Making Gratitude a Daily Practice


Every year on Thanksgiving my husband and I take a Gratitude Walk. It’s a tradition we practice to remind us of all we have to thankful for in our lives.

We set aside time to walk for an hour and take turns offering lines of appreciation. Beginning simply with, “I’m grateful for you” to “I’m grateful for Grandpa’s corny jokes.” 

My inspiration wall includes a quote that I repeat throughout the day. “Gratitude is a practice. Make it a priority.” It serves as a reminder of awareness, forces me to be present and keeps life in perspective. I write down three things I’m grateful for everyday in a special journal. And my husband and I share these with each other. Gratitude should not be reserved for Thanksgiving. It plays an important role all year.

Thanksgiving is the one holiday though that celebrates gratitude. This universal language that unifies the country. I’m thankful for this dedicated time and wanted to share the beginning of my list to inspires others to create one of their own. The list can be filled with anything at all. Gratitude has no rules.

30 Things I’m Grateful for this Year 

►My present life.
►My incredible husband.
►My loving, supportive family.
►All of my wonderful, unique friends.
►My health.
►Daily journal and meditation practice.
►My home.
►Living in Brooklyn.
►Technology that allows me to keep up with friends and family.
►The Bikram Yoga Park Slope community.
►Laughing until my belly aches every day.
►Surrounding myself with people who are filled with positivity and love for the world.
►Accepting my eating disorder.
►Willingness to ask for help.
►Freedom to share my thoughts, opinions and art with the world.
►Walks in Prospect Park and hikes away from the city sounds.
►Access to healthy food.
►Home cooked meals with my husband and friends.
►Books that challenge me to be a better person.
►Seeing the world through a camera lens.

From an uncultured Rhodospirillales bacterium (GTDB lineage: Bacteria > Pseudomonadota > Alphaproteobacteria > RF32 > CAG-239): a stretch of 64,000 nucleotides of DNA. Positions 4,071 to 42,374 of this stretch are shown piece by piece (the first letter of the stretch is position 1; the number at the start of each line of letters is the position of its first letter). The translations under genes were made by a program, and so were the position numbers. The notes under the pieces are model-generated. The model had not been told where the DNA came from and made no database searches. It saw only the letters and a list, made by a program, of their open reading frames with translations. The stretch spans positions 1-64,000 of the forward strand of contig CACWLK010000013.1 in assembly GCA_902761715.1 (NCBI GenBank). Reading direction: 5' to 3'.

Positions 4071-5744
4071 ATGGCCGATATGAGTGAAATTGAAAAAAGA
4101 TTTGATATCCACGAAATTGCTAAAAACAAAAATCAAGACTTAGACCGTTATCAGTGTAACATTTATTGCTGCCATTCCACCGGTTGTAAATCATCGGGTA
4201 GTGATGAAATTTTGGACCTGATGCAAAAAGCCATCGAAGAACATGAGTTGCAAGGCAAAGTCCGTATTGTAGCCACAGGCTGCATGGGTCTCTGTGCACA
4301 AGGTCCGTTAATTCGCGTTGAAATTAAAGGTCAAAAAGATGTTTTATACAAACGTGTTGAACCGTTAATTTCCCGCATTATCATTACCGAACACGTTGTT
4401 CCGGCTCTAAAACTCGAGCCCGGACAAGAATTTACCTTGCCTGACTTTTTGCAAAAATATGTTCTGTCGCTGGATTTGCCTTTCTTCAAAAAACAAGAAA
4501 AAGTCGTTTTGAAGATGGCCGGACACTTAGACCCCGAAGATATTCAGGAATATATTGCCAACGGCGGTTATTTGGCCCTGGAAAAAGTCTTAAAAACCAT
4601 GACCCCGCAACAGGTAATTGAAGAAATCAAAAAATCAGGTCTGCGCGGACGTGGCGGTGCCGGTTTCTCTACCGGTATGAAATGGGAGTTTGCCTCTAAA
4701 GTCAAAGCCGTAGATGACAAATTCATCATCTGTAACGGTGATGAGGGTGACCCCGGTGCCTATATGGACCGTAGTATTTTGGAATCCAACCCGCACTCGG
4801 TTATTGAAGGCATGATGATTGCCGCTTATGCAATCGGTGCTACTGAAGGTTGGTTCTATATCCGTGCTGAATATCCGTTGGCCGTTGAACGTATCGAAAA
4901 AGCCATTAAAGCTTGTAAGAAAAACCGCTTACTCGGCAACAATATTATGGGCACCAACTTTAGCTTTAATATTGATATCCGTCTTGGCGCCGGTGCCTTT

►Daily morning dance parties.
►All the friends who have stayed at our home this year.
►The opportunity to pursue dreams.
►Every moment with my grandparents.
►Public transportation and not having to ever drive a car again.
►Ability to travel all over the country this year.
►Wool socks and puffy coats in winter.
►Ability to pursue the life I choose to live.

Pumpkin Pie – Grain-free & Dairy Free

Grain-free & Dairy-free Pumpkin Pie

Last week on the Splendid Table, the editor of Bon Appétit, Adam Rapoport, boldly stated, “No one likes pumpkin pie.” Excuse me? I want to know who this guy is hanging around with. I know plenty of people who don’t consider Thanksgiving complete without a slice of pumpkin pie. It’s even my husband’s favorite dessert.

Pumpkin Pie is also the only dessert that can count as a complete meal, containing protein, fat, carbs and little sugar. It’s typically the healthiest dessert option on the Thanksgiving buffet.

The history of pumpkin pie dates back to 1796 colonial America, where the first recipe was recorded in a cookbook by Amelia Simmons. Two recipes are included, one for a pudding and one with a crust. The ingredients have not changed much in over 200 years.  It calls for pumpkin, cream, eggs, sugar, mace, nutmeg and ginger and then backed for 45 minutes. Some recipes stand the test of time.

The day after Thanksgiving marks the end of pumpkin recipes for me. Until next year.

Grain-free & Dairy-free Pumpkin Pie

Grain-free & Dairy-free Pumpkin Pie

Grain-free & Dairy-free Pumpkin Pie

Grain-free & Dairy-free Pumpkin Pie

Makes 8 servings


½ cup tapioca fl
½ cup coconut flour – sifted
¼ tsp baking soda
¼ tsp salt
4 tbsp butter – melted